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Comment: Re:reminds me of... (Score 1) 630

by (#34834760) Attached to: The Logical Leap: Induction In Physics

This reminds me of a comic about an engineer at a philosopher conference.

All the so-called great philosophy questions can be answered definitively if you allow for the terms to be properly defined.

Defined by whom? And what is this "properly"? You think the point of that comic is that if we'd only let the engineers handle philosophy, they'd figure it all out right-quick?

The profession of the philosopher is to refuse adequate definition to these questions, so that they are unanswerable by design; their work is no better or more useful than religions assertions.

This is about as ignorant as an engineer mocking theoretical physics ("Oh, so your particle accelerator's going to help me build bridges, huh?") or a programmer mocking theoretical mathematics ("Play with your pretty partition function approximations, we have Real Work to do on these databases"). If you truly think religion or philosophy offer nothing to human knowledge, you are even more blinkered and dogmatic -- not to mention foolish -- than the zealots you seek to ridicule.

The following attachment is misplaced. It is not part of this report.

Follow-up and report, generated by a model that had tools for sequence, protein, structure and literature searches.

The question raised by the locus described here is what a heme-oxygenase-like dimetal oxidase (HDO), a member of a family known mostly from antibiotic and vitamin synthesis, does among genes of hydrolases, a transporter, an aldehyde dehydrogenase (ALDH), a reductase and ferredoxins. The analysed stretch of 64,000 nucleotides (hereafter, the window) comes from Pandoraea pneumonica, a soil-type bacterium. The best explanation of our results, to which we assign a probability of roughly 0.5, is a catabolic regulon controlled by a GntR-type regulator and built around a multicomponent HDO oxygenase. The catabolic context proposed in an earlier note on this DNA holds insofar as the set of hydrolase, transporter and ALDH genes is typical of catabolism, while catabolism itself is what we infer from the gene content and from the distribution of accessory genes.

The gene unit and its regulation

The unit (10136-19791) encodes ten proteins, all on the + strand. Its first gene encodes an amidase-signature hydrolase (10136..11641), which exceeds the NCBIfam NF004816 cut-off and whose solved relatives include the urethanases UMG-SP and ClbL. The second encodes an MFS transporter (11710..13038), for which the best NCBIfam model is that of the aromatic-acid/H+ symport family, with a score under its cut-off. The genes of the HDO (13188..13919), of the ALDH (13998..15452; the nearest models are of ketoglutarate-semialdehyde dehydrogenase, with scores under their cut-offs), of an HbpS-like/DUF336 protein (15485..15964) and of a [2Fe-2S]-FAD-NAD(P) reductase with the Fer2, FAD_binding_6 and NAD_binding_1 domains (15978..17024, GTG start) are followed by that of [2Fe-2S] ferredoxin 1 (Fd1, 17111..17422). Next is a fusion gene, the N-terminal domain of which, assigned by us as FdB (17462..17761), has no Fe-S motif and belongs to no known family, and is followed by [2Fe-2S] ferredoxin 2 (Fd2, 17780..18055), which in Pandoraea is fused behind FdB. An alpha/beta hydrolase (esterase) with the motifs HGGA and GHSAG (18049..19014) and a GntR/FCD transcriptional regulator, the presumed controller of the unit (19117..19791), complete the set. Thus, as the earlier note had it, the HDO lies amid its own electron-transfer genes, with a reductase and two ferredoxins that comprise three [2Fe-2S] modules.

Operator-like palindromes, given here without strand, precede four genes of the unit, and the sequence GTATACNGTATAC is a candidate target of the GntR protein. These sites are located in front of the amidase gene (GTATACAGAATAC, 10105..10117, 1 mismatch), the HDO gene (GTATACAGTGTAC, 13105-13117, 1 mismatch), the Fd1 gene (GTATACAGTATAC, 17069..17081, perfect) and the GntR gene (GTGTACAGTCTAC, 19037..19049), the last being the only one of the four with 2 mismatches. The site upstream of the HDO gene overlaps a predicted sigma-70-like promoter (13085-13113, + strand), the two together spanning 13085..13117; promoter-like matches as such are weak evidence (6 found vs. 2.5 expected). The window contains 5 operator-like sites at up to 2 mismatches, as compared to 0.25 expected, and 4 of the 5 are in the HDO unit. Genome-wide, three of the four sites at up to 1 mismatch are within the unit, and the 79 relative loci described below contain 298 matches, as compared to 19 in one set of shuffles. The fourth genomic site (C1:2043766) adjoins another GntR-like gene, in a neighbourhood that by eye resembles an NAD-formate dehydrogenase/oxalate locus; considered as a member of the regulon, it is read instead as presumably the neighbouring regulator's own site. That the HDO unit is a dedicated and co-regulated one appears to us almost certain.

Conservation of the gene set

Comment: Re:Notes? (Score 1) 931

by (#26593187) Attached to: A Teacher Asking Students To Destroy Notes?

Kids are still rebellious, to be sure, but they express their rebellion in stupid, unimportant ways like abusing drugs and alcohol or using the "wrong" words that they know adults don't want them to say. I'd much rather they rebelled by not accepting statements without proof.

Aren't the things you cited exactly that?

"Bond reflected that good Americans were fine people and that most of them seemed to come from Texas." - Ian Fleming, "Casino Royale"